According to Ayurvedic physician Dr Vasant, co-author of Ayurvedic Cooking for Self-Healing
(Ayurveda Press), ‘Turmeric is the best medicine in Ayurveda, it cures the whole person.’ And other medical researchers confirm that turmeric (Curcuma longa
) contains compounds that have powerful anti-inflammatory, antifungal and antibacterial properties. Turmeric’s active ingredient is curcumin, an anti-oxidant compound that protects the body’s cells from damage caused by molecules known as free radicals (free radicals make your body age more quickly).
Researchers studying the effects of curcumin in relation to Alzheimer’s disease noted that elderly people living in India, where lots of turmeric is consumed, experienced a far lower rate of the disease than their contemporaries in the western world. It appears that turmeric helps block the plaques and proteins that can cause brain disease.
As an anti-inflammatory pain reliever, curcumin has far fewer side-effects than commonly used over-the-counter pain relievers.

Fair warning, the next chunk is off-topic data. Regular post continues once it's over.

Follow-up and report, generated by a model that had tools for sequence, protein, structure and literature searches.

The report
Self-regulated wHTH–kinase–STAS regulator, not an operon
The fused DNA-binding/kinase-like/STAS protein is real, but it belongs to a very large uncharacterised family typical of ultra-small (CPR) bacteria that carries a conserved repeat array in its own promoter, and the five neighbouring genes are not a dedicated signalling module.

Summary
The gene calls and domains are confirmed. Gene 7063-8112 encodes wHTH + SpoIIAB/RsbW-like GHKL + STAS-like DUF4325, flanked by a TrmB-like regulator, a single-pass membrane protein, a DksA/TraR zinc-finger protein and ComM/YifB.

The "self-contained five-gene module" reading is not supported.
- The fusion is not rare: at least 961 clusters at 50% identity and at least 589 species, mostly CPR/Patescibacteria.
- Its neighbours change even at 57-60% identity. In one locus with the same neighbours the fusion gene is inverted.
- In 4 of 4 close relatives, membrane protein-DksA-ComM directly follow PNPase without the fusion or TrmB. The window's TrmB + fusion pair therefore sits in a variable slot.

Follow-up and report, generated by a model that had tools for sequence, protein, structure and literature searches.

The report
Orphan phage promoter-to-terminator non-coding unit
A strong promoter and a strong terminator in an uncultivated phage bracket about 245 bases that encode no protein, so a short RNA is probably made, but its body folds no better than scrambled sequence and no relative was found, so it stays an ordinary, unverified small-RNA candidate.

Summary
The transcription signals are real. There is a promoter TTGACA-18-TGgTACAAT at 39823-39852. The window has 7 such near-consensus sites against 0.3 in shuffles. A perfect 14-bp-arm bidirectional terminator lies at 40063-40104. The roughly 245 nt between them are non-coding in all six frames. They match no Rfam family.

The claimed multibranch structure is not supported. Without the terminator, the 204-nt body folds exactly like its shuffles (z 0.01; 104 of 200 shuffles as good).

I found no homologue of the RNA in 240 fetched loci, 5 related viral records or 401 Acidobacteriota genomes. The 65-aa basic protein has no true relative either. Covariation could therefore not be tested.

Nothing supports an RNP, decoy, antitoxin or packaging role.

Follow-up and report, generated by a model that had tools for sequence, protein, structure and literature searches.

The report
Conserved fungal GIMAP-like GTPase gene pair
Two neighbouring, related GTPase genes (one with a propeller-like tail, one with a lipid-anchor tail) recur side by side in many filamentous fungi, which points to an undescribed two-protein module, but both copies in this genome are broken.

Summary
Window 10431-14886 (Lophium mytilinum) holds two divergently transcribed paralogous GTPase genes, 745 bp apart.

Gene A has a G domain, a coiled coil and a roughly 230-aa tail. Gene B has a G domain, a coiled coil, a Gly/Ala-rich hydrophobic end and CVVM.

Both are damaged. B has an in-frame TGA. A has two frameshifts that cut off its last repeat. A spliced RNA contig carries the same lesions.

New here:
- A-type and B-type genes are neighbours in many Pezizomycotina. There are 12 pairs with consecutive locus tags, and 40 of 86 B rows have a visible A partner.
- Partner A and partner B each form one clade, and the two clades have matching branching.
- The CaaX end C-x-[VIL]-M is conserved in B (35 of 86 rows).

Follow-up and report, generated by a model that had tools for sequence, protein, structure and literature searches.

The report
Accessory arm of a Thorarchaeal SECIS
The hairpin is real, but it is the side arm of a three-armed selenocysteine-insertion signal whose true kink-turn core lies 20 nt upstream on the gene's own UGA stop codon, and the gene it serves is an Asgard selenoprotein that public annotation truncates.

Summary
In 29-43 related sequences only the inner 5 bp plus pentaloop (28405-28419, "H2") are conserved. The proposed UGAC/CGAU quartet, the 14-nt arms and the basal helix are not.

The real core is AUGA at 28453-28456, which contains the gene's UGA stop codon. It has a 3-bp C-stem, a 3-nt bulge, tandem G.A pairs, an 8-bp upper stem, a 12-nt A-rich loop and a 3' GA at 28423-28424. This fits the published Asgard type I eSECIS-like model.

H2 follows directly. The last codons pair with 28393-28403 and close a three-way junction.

Turmeric is approved by Germany’s Commission E to treat dyspepsia (upset stomach) and loss of appetite. It’s also prescribed to relieve inflammation caused by rheumatism and arthritis, muscle sprains, swelling and pain caused by injuries or surgery.
Early studies indicate that curcumin extract may inhibit the growth of certain types of cancer cells. Although research is still inconclusive, turmeric may help lower cholesterol levels and prevent build-up in your arteries.
So, in a bid to help everyone enjoy a peaceful, cooperative family holiday, we’ve researched some tips that may make your events, whether you’re gathering for Christmas or any other cultural celebration, stand out as a peaceful, unstressed beacon in your memory.